Operating in 'push-pull' mode means that sometimes the traction unit pulled the train from the front and at other times it pushed the train from the back. The train driver however was always at the front of the train.
For these service the drivers used the 4TC cabs at the front of the train when travelling from London to Bournemouth and when travelling from Weymouth to Bournemouth. In opposite directions the train was driven from the cabs in either the
4REP unit (Bournemouth - London) or the diesel locomotive (Bournemouth - Weymouth).
Although sometimes used at living museums the LTM Heritage Train is also used during special events on suburban parts of the London Underground system, which is very much a working railway (ie: one that carries fare paying passengers). during which
time it travels at something nearer to normal speed rather than the very slow 25 mph (40 km/h) speed limit which most heritage railways must observe.
As the train only has a few compartments so only a fortunate few passengers are able to sample this style of seating. Everyone else must travel in the open carriages. Nevertheless, even for these passengers the ride experience
is still far better than many present-day trains!
As an aside, these photographs also demonstrate what was a common feature of varnished teak carriages, this being that there were often variations in shade (hue, colour depth) between the wooden panels which
formed the carriage sides. This was because they come from a natural product of different ages.
A side view showing the faux vynil wrap, the guards area on the left and (through the window) an empty compartment.
The side corridor plus some of the compartments can be seen through the window and open doorway.
The driving cab end of driving trailer second open (DTSO) carriage No. 76324 and view of a seating bay through an open door.
Inside a compartment - the reading lights suggest that this may have originally been built for first class passengers but was later downgraded to standard class. This sometimes happened on the railways - if it suited the management!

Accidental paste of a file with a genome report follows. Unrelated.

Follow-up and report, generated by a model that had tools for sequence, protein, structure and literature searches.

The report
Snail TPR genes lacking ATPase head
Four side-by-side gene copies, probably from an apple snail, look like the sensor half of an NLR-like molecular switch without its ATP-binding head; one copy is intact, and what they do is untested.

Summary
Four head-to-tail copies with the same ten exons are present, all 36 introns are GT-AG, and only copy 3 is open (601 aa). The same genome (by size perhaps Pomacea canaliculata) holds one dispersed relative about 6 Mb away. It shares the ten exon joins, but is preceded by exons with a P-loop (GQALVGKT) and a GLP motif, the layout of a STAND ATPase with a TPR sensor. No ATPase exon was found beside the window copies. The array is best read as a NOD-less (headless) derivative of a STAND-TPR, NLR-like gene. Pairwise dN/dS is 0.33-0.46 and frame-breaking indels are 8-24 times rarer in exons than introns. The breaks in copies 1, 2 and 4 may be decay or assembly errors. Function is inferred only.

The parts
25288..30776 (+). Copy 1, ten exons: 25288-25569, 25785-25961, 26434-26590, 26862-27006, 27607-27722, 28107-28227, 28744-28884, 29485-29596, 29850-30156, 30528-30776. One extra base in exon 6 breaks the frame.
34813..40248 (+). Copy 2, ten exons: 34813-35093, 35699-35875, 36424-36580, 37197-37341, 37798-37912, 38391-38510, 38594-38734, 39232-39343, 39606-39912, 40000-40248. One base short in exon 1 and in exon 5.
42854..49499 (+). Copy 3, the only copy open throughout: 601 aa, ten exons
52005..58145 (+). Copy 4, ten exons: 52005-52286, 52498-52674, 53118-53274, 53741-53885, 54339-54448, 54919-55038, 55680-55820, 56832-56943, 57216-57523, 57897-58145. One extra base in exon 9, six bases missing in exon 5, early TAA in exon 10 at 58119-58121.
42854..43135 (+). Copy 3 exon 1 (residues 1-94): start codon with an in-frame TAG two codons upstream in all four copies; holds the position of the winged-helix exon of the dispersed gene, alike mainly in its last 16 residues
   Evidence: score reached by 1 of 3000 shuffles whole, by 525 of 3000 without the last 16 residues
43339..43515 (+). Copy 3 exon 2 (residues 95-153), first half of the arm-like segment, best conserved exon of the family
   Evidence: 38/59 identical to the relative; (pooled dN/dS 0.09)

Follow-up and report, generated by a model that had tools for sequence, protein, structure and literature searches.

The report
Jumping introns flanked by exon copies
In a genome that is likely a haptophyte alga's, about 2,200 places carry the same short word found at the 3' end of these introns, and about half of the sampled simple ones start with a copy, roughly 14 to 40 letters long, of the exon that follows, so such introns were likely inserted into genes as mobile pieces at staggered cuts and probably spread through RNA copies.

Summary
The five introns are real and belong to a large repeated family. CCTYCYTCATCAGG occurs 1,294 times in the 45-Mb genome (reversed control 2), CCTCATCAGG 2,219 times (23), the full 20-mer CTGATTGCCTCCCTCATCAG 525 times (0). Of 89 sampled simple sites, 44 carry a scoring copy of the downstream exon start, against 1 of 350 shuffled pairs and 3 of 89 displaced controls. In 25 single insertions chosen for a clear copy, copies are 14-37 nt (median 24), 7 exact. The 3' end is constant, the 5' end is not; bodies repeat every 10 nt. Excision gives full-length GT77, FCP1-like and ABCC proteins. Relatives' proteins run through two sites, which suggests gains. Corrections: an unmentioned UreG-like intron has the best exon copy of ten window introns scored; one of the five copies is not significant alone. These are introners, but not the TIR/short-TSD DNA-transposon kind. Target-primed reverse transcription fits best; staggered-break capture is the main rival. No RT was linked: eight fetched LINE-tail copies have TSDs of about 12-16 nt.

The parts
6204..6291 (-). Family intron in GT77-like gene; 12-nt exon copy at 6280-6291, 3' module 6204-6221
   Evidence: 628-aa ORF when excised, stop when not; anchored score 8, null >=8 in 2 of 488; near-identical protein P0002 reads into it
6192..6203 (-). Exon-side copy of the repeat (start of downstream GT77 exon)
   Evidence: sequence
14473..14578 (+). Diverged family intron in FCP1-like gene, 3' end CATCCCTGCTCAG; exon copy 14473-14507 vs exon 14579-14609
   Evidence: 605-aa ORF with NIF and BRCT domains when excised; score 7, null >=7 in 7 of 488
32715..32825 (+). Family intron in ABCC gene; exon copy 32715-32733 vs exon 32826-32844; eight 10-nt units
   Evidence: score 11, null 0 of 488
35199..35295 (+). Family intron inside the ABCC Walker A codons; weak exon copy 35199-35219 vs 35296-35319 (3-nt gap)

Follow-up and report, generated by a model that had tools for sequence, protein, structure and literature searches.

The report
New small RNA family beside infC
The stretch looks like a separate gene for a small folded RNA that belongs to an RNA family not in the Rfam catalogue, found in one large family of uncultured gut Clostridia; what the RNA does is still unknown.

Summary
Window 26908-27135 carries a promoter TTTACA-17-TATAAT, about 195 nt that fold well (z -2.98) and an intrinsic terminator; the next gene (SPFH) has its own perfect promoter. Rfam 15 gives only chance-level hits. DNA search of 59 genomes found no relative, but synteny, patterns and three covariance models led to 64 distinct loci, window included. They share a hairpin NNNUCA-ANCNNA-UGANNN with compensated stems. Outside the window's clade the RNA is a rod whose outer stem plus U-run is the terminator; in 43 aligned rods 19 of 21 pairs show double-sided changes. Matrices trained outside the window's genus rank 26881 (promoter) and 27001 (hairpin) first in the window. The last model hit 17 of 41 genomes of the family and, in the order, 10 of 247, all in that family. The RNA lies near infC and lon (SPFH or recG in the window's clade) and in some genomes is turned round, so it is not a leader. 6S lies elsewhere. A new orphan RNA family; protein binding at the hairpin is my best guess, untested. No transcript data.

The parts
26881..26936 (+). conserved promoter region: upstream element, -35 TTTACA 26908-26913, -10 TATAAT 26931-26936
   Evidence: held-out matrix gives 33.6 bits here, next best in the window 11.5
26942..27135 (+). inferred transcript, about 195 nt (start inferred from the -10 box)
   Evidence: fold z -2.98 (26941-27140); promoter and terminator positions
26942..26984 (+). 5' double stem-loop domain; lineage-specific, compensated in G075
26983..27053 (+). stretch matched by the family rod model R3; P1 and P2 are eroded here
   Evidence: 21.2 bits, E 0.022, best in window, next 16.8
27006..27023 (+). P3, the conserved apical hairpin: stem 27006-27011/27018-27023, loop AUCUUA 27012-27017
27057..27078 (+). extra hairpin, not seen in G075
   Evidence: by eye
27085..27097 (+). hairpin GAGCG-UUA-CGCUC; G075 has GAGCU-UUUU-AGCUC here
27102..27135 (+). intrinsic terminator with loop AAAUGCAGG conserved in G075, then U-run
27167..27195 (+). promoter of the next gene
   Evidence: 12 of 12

Although similar to the view seen earlier on this page everything in this image looks cleaner! Note the window blind.
Standing with my back to the outside window, looking towards the side corridor.
Seated with my back to the side corridor, looking towards and through the outside window.
Note the small table which is just large enough for a few drinks.
Dating from the London 2012 Olympic and Paralympic games the advertisement seen through the window is also of nostalgic interest.
Inside an open carriage with 2 + 2 facing seating around tables and correctly aligned to the windows.
This carriage still retains its original filament (incandescent) light bulb lighting.
Seating bay with window and table.
Not all seating bays have tables. Others have doors - as seen here. Note the almost fully open window and the three ochre coloured metal bars across the window.
Their purpose is to prevent passengers from sticking their heads out and looking along the side of the train.
A film which comprises a medley of Southern Region Mk1 electric multiple unit trains, both at stations and when riding inside, has been placed on the ‘YouTube’ film / video website and can either be watched above or
in a new window by clicking this link: http://www.youtube.com/watch?v=EvShrS9_Guk
Direct links to other related pages (with small images)...
This page represents a branchline off the main website so after viewing it should be closed - however in case you arrived here courtesy of a search
engine then this link will take you to the Albums pages index http://citytransport.info/Album.htm
and this link http://citytransport.info will take to you the opening page of this website.